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Evaluating Zimbabwe's Parliament - Interview with John Makamure
Upenyu Makoni-Muchemwa,
January 25, 2012

Read Inside/Out with John Makamure

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John MakamureJohn Makamure is the Founder and Executive Director of the Southern African Parliamentary Support Trust (SAPST). He is a dynamic professional who has wide experience in legislative and civic society strengthening, advocacy, economic and public policy analysis and research. John is also a weekly columnist in the independent daily newspaper, Newsday. His analytical articles focus on key developments in parliament on the legislative and budgetary fronts.

What were you hoping to achieve when you established SAPST?
We wanted to help create a very strong institution in Parliament. One that is independent of the executive and democratic. An institution that is accountable to the electorate and one that is open to everyone. Where everyone can participate freely in parliamentary process. We elected these MPs and they represent us.

What were the factors then that hindered the kind of Parliament that you envisaged? Are these still present today?
We found that largely it was a single party in Parliament. It was a ZANU PF dominated Parliament. Parliament merely existed then to rubber stamp decisions of the executive. And then it was a single party executive. It was a very weak Parliament, very ineffective and not accountable to the people. It was a mysterious institution. The legal framework, then, even now, does not give Parliament any independence. Although there is the principle of Separation of Power in practice it's not exercised. The present constitution does not go far enough to give Parliament the necessary independence. For example law making; if Parliament passes a Bill, the President has the final say. So he can refuse to sign what Parliament has passed into law. If Parliament insists that the President has to sign, he has the option of dissolving Parliament. Listen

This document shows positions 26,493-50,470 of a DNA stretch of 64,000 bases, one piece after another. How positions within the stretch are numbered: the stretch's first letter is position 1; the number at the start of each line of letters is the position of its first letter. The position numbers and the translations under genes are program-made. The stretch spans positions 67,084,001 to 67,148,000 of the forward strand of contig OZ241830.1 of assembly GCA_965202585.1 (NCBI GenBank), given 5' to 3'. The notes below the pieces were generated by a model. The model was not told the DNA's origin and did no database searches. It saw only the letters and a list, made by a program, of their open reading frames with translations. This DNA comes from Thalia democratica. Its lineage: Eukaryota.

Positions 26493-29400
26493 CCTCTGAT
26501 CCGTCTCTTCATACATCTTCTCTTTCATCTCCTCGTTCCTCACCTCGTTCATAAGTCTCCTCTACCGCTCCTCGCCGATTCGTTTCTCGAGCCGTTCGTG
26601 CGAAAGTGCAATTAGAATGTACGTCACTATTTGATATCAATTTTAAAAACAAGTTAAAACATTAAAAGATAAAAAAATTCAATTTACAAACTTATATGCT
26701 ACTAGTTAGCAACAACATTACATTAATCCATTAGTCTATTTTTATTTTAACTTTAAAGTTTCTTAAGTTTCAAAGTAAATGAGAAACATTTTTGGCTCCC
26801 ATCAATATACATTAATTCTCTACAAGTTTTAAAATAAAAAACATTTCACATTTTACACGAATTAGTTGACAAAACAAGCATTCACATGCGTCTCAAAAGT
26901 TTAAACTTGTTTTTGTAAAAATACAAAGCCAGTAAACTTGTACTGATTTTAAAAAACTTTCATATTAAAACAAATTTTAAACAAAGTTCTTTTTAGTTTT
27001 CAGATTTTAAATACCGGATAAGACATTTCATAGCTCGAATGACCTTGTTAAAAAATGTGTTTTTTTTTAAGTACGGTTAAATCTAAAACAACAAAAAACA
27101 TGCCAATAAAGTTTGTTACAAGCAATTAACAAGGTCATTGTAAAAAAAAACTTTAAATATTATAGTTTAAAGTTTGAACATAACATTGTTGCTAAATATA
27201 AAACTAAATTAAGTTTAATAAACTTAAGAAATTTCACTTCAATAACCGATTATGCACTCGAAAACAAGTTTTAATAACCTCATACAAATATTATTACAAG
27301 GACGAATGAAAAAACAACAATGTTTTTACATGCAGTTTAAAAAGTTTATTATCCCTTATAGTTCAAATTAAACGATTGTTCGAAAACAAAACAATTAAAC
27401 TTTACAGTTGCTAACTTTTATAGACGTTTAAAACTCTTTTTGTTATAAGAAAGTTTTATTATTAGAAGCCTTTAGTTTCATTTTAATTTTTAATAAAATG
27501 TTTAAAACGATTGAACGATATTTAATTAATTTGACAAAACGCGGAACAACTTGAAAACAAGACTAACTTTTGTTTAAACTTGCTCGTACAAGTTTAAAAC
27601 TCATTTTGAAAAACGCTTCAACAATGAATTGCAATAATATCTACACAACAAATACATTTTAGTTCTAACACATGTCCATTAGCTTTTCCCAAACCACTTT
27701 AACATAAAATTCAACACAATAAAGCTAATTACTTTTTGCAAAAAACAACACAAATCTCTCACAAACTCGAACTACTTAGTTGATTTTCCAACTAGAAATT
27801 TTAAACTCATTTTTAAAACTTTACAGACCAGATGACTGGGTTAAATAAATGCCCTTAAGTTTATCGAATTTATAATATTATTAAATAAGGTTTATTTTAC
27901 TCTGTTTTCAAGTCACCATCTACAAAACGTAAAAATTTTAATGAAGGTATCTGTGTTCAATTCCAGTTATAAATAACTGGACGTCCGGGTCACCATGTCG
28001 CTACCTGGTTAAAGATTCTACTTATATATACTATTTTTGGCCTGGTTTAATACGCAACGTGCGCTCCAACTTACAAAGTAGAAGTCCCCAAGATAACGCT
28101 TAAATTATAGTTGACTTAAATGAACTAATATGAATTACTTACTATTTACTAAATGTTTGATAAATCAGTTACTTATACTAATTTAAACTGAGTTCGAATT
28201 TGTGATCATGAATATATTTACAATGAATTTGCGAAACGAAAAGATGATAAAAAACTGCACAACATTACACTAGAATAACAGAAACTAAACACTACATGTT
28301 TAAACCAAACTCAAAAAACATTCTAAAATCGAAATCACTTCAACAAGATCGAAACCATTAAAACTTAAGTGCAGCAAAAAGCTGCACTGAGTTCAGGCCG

Having worked with Parliament, do you think this one is a stronger institution than it was when you started ten years ago?
There have been very significant improvements. Before 2000 we did not have a fully-fledged portfolio committee system. These portfolio committees oversee their respective committees, they have to scrutinise what the ministries are doing and hold them to account. That has gone a long way in making these ministries account for their actions. If you refuse to appear before the committee you are in contempt of Parliament and you can be imprisoned. More and more of the committees are now exercising their powers. Now Ministries know they are being watched, which helps to create an accountable governance system.

I read your article in Newsday about how the POSA Bill has stalled in the Senate. But it's been over two years since it was initiated, why has it not progressed further?
I think because of the political polarisation in our society, which is also playing out in Parliament. Because an MDC Member of Parliament initiated that Bill, some ZANU PF members think that their duty is to oppose what an MDC member has brought. Conversely there are MDC members who believe the same about Bills introduced into Parliament by ZANU PF members. The polarisation is dealing a huge blow to the effectiveness of Parliament. What is important is to look at the nature of the legislation. Sometimes the polarisation is unnecessary, they are not looking at the content and their party positions prevail. Listen